Am J Hum Genet. 2006 Dec;79(6):1017-29.
Mutations in the progressive ankylosis gene (Ank/ANKH) cause surprisingly different skeletal phenotypes in mice and humans. In mice, recessive loss-of-function mutations cause arthritis, ectopic crystal formation, and joint fusion throughout the body. In humans, some dominant mutations cause chondrocalcinosis, an adult-onset disease characterized by the deposition of ectopic joint crystals. Other dominant mutations cause craniometaphyseal dysplasia, a childhood disease characterized by sclerosis of the skull and abnormal modeling of the long bones, with little or no joint pathology. Ank encodes a multiple-pass transmembrane protein that regulates pyrophosphate levels inside and outside tissue culture cells in vitro, but its mechanism of action is not yet clear, and conflicting models have been proposed to explain the effects of the human mutations. Here, we test wild-type and mutant forms of ANK for radiolabeled pyrophosphate-transport activity in frog oocytes. We also reconstruct two human mutations in a bacterial artificial chromosome and test them in transgenic mice for rescue of the Ank null phenotype and for induction of new skeletal phenotypes. Wild-type ANK stimulates saturable transport of pyrophosphate ions across the plasma membrane, with half maximal rates attained at physiological levels of pyrophosphate. Chondrocalcinosis mutations retain apparently wild-type transport activity and can rescue the joint-fusion phenotype of Ank null mice. Craniometaphyseal dysplasia mutations do not transport pyrophosphate and cannot rescue the defects of Ank null mice. Furthermore, microcomputed tomography revealed previously unappreciated phenotypes in Ank null mice that are reminiscent of craniometaphyseal dysplasia. The combination of biochemical and genetic analyses presented here provides insight into how mutations in ANKH cause human skeletal disease. [Abstract/Link to Full Text]

Chatterjee N, Kalaylioglu Z, Moslehi R, Peters U, Wacholder S
Powerful multilocus tests of genetic association in the presence of gene-gene and gene-environment interactions.
Am J Hum Genet. 2006 Dec;79(6):1002-16.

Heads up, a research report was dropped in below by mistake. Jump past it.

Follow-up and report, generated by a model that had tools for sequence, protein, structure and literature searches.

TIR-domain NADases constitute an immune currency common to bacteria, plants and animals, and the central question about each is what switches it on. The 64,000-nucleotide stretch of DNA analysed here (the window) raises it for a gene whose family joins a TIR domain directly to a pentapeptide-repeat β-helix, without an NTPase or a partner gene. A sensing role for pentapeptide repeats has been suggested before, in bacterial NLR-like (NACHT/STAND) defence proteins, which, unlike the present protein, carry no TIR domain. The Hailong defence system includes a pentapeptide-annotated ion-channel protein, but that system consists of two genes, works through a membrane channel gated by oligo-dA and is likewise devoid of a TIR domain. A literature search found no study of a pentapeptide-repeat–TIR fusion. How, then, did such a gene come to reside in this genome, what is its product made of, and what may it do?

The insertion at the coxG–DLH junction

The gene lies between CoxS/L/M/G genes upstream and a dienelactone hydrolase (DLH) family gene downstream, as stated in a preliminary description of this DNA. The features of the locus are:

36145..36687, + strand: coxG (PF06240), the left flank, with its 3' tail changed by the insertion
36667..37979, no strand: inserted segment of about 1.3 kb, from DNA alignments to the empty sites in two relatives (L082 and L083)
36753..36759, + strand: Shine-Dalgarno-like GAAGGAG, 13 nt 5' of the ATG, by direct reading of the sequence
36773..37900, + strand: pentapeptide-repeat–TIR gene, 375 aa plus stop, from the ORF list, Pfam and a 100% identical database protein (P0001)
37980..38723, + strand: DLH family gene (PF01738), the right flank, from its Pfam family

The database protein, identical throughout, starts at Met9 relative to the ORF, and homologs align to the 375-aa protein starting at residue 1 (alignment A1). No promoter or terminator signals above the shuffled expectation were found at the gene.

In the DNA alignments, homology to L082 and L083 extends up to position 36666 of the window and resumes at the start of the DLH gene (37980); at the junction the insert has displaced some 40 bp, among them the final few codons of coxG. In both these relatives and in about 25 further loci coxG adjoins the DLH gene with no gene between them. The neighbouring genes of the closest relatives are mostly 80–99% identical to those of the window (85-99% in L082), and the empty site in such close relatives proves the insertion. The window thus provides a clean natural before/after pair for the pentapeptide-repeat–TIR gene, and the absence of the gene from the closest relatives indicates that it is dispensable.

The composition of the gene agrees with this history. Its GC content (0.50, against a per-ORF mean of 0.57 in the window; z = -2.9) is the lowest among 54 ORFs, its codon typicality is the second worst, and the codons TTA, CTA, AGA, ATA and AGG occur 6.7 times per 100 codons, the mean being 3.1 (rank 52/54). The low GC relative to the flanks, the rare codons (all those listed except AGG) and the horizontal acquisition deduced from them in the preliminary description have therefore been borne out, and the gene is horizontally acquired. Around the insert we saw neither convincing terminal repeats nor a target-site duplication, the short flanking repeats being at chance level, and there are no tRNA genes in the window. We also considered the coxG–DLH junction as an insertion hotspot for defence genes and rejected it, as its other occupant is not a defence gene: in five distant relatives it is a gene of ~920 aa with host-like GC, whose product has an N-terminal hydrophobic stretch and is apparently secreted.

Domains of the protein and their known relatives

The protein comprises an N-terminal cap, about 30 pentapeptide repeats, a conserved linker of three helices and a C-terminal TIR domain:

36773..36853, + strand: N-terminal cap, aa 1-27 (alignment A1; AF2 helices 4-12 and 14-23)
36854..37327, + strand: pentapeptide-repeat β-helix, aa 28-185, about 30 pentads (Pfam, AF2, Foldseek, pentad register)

In modern genetic epidemiology studies, the association between the disease and a genomic region, such as a candidate gene, is often investigated using multiple SNPs. We propose a multilocus test of genetic association that can account for genetic effects that might be modified by variants in other genes or by environmental factors. We consider use of the venerable and parsimonious Tukey's 1-degree-of-freedom model of interaction, which is natural when individual SNPs within a gene are associated with disease through a common biological mechanism; in contrast, many standard regression models are designed as if each SNP has unique functional significance. On the basis of Tukey's model, we propose a novel but computationally simple generalized test of association that can simultaneously capture both the main effects of the variants within a genomic region and their interactions with the variants in another region or with an environmental exposure. We compared performance of our method with that of two standard tests of association, one ignoring gene-gene/gene-environment interactions and the other based on a saturated model of interactions. We demonstrate major power advantages of our method both in analysis of data from a case-control study of the association between colorectal adenoma and DNA variants in the NAT2 genomic region, which are well known to be related to a common biological phenotype, and under different models of gene-gene interactions with use of simulated data. [Abstract/Link to Full Text]